Facts and Statistics


Research Behind Early Education:  Read the research behind early childhood education and poverty and their collective impact on African American students' long term potential.

Statistically African Americans have faced many obstacles and barriers towards education, career growth, generational wealth and overall self improvement. Because a few African Americans have succeeded, many may want to contend that the struggle for equality is over and is it within the grasp of all to achieve success.

Unfortunately this is not always the case. Many African Americans, particularly those who suffer from poverty, are at a distinct disadvantage when it comes to educational attainment and higher achievement. That said, I believe it is within our grasp to overcome all of these statistics if we work together.

In the United States, more than 16 million children (22% of all children) live in families below the federal poverty level. Another 31.8 million (44%) live in low-income families.  Blacks, American Indians, and Hispanics children are disproportionately affected by these criteria. For comparison.

  • 31 percent of white children – 11.7 million – live in low-income families
  • 65 percent of black children – 6.4 million – live in low-income families
  • 63 percent of Hispanic children – 11.0 million – live in low-income families
  • 31 percent of Asian children – 1.1 million – live in low-income families
  • 63 percent of American Indian children – 0.3 million – live in low-income families
  • 43 percent of children of some other race – 1.4 million – live in low-income families

Poverty has a significant impact on a child’s cognitive abilities and self esteem and it can contribute to social, emotional and behavioral problems. Students raised in lower income families are at greater risk for having other inhibiting factors such as intellectual disparities and limitations in educational attainment including cognitive, behavioral and socio-emotional difficulties. They are also more likely to drop out of school and experience greater lengths of unemployment than their peers.  From the start, children from low-income households enter kindergarten scoring substantially in vocabulary and literacy development,  math, and social and emotional skills lower than their peers from higher-income families. This deficiency carries on throughout high school. (Halle et al., 2009; Lee & Burkham, 2002). See the Study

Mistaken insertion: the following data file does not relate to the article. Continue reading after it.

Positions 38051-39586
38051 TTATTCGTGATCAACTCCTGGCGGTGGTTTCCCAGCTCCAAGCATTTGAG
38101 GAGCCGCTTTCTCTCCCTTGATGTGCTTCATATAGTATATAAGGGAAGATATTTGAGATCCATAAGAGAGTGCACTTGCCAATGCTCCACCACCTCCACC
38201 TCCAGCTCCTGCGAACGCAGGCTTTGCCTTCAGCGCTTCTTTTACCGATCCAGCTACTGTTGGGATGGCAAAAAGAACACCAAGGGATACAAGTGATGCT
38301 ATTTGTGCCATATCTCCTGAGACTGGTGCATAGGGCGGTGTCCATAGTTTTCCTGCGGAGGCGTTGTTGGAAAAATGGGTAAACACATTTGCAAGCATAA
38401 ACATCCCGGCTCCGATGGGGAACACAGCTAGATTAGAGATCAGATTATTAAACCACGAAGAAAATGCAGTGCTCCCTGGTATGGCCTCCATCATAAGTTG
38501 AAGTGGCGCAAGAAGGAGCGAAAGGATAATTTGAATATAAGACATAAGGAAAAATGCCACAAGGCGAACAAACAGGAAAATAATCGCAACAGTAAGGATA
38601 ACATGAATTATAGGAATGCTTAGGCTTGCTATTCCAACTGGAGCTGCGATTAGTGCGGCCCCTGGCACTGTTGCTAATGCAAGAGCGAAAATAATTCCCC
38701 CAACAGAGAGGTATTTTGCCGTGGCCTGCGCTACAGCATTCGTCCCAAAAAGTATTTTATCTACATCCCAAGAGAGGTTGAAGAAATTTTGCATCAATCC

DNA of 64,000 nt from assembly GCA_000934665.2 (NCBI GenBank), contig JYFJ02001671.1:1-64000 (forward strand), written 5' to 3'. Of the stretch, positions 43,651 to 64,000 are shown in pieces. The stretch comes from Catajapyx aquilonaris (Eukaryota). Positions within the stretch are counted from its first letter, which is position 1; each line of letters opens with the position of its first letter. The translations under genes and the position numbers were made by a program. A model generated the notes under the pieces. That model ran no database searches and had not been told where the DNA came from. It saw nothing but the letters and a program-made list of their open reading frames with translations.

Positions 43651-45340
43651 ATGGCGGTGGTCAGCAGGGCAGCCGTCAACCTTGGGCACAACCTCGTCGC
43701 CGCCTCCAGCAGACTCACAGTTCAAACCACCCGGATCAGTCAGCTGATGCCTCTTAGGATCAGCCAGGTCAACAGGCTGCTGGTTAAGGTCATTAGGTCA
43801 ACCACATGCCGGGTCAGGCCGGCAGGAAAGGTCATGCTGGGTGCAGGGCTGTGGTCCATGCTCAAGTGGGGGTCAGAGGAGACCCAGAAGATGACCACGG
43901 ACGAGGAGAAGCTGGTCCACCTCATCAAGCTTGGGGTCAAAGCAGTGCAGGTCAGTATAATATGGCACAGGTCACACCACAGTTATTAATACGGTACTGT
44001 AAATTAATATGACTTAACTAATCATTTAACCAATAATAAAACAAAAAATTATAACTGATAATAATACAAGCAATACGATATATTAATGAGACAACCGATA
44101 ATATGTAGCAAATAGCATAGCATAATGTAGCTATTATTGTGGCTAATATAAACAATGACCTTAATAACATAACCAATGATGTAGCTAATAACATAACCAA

The chart below helps illustrate the correlation between poverty and academic readiness.



The first 3 years of life are a period of exponential growth in all areas of a child’s development. Neural connections that are used frequently are strengthened while those that aren’t are weakened or die out completely. Neurological studies conclude that 85% of brain growth occurs before age 5. Therefore, a child’s experiences and overall development before prior to kindergarten can determine his or her ability to develop higher cognitive functions. Said plainly, both prenatal and childhood experiences and exposure influence long-term brain development and long term learning capability. The chart below illustrates how  neurological development occurs over time.